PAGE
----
10 Fun Activities for Moms with Alzheimer’s

Elder Depot's List of Activities for Mother's Day for those with AlzheimersMother’s Day is about honoring and celebrating mothers.  When you have an elderly mother or grandmother with Dementia or Alzheimer’s Disease, Mother’s Day shouldn’t just be about purchasing and dropping off a gift; but rather creating lasting memories that you can remember and cherish with your mother.  Elder Depot wanted to share our list of simple, easy things that you can do to bring some happiness to your mother’s life on this special day and create a wonderful memory.  The good news is that most of these suggestions are free and only require sharing a little of your time!

Activities can vary depending on the stage of Alzheimer’s, so we tried to create a variety of common and simple things that you can both enjoy.  The most important thing to remember is that you will one day cherish and be thankful for all of the moments that you spent with your mother – taking the time to show you cared.

10 Things To Do on Mother’s Day

  1. Have lunch or dinner together.
    If mom is in a nursing or assisted living home and unable to leave, cook up a quick meal or pick up a pre-made meal and sit with her while eating so you can enjoy the moment together
  2. Celebrate as if it were her birthday.
    Put a single candle in a cupcake or piece of cake and sing her “Happy Mother’s Day”
  3. Take a walk or sit outside together.
    If the weather permits, bring your mom outside for a walk or just some fresh air and sunshine (Vitamin D) and bring up some old memories! If mom is in a facility and physically able, ask to borrow a wheelchair or transport chair to wheel her outside for a short time.
  4. Have an old fashioned beauty day.
    How about a nice pedicure! Paint mom’s nails or put some curls in her hair and show her how good she looks in the mirror!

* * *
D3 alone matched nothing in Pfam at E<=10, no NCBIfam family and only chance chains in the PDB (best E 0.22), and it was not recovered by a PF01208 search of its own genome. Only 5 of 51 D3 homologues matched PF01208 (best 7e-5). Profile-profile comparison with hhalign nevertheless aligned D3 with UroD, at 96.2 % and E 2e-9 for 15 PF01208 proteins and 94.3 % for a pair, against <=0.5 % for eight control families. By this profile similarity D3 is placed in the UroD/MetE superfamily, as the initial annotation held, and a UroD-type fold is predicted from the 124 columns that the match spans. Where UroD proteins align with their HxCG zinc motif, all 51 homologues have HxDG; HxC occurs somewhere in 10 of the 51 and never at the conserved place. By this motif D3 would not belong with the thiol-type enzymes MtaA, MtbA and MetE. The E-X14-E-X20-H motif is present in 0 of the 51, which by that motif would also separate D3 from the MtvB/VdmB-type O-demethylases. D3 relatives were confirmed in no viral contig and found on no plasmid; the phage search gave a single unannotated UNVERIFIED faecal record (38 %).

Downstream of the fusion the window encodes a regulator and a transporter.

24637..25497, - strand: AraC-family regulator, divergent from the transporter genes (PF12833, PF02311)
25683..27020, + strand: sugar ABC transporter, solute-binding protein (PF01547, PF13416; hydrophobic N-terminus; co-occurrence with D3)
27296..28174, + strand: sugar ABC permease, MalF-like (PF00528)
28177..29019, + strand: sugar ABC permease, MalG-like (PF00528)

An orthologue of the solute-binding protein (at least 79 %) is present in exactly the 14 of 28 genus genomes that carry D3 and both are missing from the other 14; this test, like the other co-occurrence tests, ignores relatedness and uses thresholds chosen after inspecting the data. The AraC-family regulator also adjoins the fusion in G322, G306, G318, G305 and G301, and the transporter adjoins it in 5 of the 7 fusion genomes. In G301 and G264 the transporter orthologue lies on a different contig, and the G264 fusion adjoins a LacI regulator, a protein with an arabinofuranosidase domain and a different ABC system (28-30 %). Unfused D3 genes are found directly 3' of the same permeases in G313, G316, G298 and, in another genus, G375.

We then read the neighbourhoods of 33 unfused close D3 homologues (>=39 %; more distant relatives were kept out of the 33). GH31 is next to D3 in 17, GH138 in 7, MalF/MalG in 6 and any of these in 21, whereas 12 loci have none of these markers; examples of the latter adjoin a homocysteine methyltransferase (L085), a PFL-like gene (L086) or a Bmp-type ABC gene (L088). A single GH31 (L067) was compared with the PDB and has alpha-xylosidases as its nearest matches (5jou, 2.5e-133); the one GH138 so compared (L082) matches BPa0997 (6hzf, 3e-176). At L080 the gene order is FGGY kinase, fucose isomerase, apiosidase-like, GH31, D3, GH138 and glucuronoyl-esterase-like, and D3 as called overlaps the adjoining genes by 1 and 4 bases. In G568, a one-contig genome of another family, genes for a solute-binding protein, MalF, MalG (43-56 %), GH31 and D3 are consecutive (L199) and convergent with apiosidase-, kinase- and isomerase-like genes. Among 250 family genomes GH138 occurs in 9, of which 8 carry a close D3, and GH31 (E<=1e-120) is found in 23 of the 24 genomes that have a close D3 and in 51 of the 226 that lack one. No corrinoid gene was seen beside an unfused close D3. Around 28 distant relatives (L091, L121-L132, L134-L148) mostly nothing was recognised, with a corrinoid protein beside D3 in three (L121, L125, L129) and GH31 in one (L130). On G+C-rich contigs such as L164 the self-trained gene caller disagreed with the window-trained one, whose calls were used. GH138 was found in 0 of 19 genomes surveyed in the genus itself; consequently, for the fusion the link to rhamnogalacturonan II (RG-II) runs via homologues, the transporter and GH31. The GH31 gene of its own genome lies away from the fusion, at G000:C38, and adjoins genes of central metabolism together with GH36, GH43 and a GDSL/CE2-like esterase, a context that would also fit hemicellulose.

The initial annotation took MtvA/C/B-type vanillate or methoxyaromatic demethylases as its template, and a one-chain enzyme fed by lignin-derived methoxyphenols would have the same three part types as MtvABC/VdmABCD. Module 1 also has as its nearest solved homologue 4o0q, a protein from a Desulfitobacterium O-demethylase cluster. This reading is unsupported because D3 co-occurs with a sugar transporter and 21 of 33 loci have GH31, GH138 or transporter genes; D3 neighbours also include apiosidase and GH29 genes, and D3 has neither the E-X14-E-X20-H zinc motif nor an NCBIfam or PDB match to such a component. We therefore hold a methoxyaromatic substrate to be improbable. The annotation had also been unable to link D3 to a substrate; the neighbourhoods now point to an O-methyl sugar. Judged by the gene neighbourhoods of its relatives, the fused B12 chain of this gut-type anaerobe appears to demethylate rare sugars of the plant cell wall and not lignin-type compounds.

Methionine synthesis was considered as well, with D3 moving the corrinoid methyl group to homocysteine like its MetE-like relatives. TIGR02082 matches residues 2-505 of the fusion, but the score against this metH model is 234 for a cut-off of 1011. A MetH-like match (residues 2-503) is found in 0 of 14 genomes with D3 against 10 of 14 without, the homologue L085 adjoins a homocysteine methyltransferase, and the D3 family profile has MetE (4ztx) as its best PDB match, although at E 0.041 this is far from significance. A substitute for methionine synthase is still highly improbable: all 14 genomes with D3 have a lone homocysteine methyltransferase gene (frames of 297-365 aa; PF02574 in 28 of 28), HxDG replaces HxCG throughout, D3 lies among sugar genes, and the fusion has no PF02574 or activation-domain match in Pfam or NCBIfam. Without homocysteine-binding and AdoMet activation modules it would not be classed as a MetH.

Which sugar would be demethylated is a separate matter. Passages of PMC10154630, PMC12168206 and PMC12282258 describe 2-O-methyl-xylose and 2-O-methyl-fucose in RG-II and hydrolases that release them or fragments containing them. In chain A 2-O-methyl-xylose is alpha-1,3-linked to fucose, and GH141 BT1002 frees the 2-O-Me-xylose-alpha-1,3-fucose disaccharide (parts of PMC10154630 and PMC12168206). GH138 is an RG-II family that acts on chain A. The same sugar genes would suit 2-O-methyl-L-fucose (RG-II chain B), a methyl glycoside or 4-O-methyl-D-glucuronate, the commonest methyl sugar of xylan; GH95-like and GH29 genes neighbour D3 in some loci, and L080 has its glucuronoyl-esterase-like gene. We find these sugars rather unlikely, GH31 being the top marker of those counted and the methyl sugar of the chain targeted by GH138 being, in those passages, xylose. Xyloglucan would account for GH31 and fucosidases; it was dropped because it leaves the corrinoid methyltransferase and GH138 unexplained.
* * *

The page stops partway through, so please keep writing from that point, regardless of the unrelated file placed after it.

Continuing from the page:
5. Look over some old photos.
    Conjure up some memories of familiar faces or times by showing an old photo album or memorable photos. Maybe even do a little Scrapbooking.
  6. Sing some old church hymns or familiar songs.
    If your singing skills are not up to the task, listen to some old familiar tunes together. Encourage mom to sing along and you might get a surprising response!
  7. Put together a simple puzzle.
    Puzzles with larger pieces are easier to see and handle and those with brighter colors may draw more interest.
  8. Bring the family dog for a visit.
    If your family dog is friendly and calm enough for mom to be comfortable around, bring the dog over for some one-on-one contact. If mom is in a facility that will not allow pets, see if you can take the dog to her in the lobby or bring your mom outside to spend some time with the dog – animals can be very therapeutic!
  9. Watch an old movie together.
    Pop in an old favorite movie, like the Sound of Music!
  10. Enjoy some gardening.
    If your mom used to enjoy gardening, let her sit outside with you and watch you do some of the gardening. If she is in a facility or this is not possible, bring in some flowers from your garden and cut the stems and organize the vase with your mom and she’ll have a beautiful home-made bouquet.

We hope this list provides you with some useful suggestions to make your Mother’s Day special. The most important thing to remember is to spend some quality time with your mother on Mother’s Day. Its not about the best gifts, but about the memories you will have for years to come.

From all of us at Elder Depot, we wish you and your family a very Happy Mother’s Day!

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The Super Little Grandmom ~ Fighting Senior Boredom

This morning as I was driving to work I heard an interesting interview on the radio about ‘Super Mamika’. No, Super Mamika isn’t a copycat of Super Mario, it’s a series of themed photographs by Sacha Goldberger featuring his Hungarian grandmother in the role of a superhero. Mamika means ‘Little Grandmother’ in Hungarian, so the literal translation is Super Little Grandmom.

The story behind ‘Super Mamika’ is that Goldberger noticed that his grandmother, after a long active life, was becoming bored and depressed in her later years. Like many concerned family members he brainstormed ways to engage her, though the solution he came up with does stand out as being more than a little unique.

The ‘Super Mamika’ series of photographs were only the beginning for Frederika Goldberger. She has continued modeling for photographs as can be seen on her MySpace page.

www.myspace.com/frederikagoldberger